Decentralized Autonomous Organizations (DAOs) are one of the hottest new trends in blockchain technology. The concept of a DAO, a virtual corporation existing entirely in cyberspace, acting independently of its creator thanks to the peer-to-peer blockchain network it runs on and the ‘smart contracts’ which enforce its rules, is very exciting. Natively international, enjoying many of the advantages of the digital economy, the open democracy and unmediated participation of the internet, as well as the corruption-resistant characteristics of the blockchain, the DAO seems to present itself as an idea that embodies the spirit of our times.

But the whole idea is also still very new and largely untested, and will certainly face many challenges and obstacles before it can claim to have proven itself.

Will DAOs prove to be the next big thing in business, becoming a staple of the economies of the future? Or will they prove to be a mere folly, the pipe dream of technophiles whose grand science fiction inspired dreams fail to translate into a practical reality in all but the most obscure niches? At this point in time, no definitive answer can be given to those questions. What we can already do with certainty, however, is to identity the biggest obstacles that DAOs are likely to face and explore the most plausible solutions to these problems.

One project which aims to take on some of these big challenges is ‘Wings’, a platform for creating, managing and participating in DAOs. I spoke to core Wings developer Stas Oskin about how to make decentralized autonomous organizations a success.

Power & Responsibility: Tackling Voter Apathy

“Providing tools for solving the participation problem is one of the core goals of our platform”

Perhaps the most significant barrier to success that the initial wave of DAOs must overcome is that of voter apathy. It is said that with great power comes great responsibility, and as the very nature of a DAO is to distribute power and authority normally held by a CEO or exercised through a central head office to all of the organization’s stakeholders, being a stakeholder in a DAO comes with a great deal of responsibility. Any DAO must rely on a high participation rate from the people who own its tokens. This is essential not only to fully manifest the kind of ‘wisdom of the crowd’ which DAOs promise, but also for security – because otherwise small voting blocks could hijack the voting process and manipulate votes to their own personal advantage and against the best interests of the organization as a whole.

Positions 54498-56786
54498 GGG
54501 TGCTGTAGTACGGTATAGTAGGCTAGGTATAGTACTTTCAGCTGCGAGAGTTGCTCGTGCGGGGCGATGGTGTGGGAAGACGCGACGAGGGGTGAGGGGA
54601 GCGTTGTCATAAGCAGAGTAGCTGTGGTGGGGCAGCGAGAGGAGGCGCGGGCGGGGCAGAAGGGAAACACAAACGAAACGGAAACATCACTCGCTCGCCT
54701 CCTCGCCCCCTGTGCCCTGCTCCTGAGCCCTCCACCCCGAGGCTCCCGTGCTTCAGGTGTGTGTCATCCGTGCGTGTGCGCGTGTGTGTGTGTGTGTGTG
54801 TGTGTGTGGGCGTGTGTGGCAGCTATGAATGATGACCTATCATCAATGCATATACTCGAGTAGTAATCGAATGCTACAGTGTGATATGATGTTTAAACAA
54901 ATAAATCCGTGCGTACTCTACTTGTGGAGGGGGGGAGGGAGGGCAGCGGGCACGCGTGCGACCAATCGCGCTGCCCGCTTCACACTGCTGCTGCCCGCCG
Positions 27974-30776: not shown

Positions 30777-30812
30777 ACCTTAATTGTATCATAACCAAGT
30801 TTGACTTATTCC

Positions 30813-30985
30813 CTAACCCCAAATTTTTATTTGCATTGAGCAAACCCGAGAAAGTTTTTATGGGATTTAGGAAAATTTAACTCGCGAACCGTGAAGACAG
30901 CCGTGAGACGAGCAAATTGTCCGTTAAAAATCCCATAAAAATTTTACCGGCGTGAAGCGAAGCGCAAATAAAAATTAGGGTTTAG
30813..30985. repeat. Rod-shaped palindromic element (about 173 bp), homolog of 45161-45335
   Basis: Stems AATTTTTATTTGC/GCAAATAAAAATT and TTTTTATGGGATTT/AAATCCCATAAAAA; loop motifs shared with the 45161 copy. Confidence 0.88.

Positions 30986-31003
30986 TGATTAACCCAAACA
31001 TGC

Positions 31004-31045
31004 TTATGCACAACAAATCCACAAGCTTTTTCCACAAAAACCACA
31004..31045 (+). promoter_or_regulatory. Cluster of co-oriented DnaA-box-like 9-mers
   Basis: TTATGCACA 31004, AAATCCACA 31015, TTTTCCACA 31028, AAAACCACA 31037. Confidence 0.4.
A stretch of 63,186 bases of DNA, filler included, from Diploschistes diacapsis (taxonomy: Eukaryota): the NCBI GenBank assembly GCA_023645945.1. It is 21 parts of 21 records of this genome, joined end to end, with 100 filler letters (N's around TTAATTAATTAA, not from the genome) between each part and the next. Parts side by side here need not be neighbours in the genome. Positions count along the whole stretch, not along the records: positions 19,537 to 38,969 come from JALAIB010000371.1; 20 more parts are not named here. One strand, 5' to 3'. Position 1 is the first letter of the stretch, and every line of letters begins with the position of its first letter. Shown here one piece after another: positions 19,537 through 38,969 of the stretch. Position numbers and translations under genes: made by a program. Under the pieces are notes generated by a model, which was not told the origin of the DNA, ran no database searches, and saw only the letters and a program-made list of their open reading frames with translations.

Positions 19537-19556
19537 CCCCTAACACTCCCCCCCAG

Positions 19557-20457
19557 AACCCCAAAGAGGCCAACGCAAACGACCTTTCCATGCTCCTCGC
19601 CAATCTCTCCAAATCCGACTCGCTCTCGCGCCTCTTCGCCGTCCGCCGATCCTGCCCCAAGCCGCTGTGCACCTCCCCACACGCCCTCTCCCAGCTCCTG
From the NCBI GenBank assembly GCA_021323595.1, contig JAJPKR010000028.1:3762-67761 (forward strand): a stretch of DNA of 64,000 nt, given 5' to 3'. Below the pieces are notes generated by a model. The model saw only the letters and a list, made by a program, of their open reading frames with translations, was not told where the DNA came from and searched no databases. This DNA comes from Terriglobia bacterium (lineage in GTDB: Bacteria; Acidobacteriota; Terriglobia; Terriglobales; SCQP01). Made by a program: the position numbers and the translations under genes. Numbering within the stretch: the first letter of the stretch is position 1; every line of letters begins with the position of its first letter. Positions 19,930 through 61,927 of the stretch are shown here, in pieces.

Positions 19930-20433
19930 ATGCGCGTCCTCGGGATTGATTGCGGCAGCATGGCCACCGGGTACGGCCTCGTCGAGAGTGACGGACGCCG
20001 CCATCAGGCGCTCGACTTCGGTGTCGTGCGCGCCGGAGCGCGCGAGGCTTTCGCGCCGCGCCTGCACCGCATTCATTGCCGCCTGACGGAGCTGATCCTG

Will token holders take this responsibility seriously? Some commentators have expressed scepticism. For example, lead developer of Bitshares and early pioneer of the Dao concept Dan Larimer has written about how voter apathy and the undue influence of short term traders who are unwilling to approve medium or long term investments created huge problems within his own project. Many other voices have joined the chorus of concern over this issue as well.

Wings aims to attack this problem on two fronts: by making participation as quick and easy as possible, and by introducing a flexible range of governance structures which enhance participation.

Although DAOs are certainly an example of bleeding-edge high technology, interacting with one shouldn’t require technical skill or knowledge. In fact, if participation in voting is any more difficult than buying tokens, you will inevitably end up with token holders who either can’t work out how to vote or just can’t be bothered to try. The bigger that gap is, the lower the participation will be.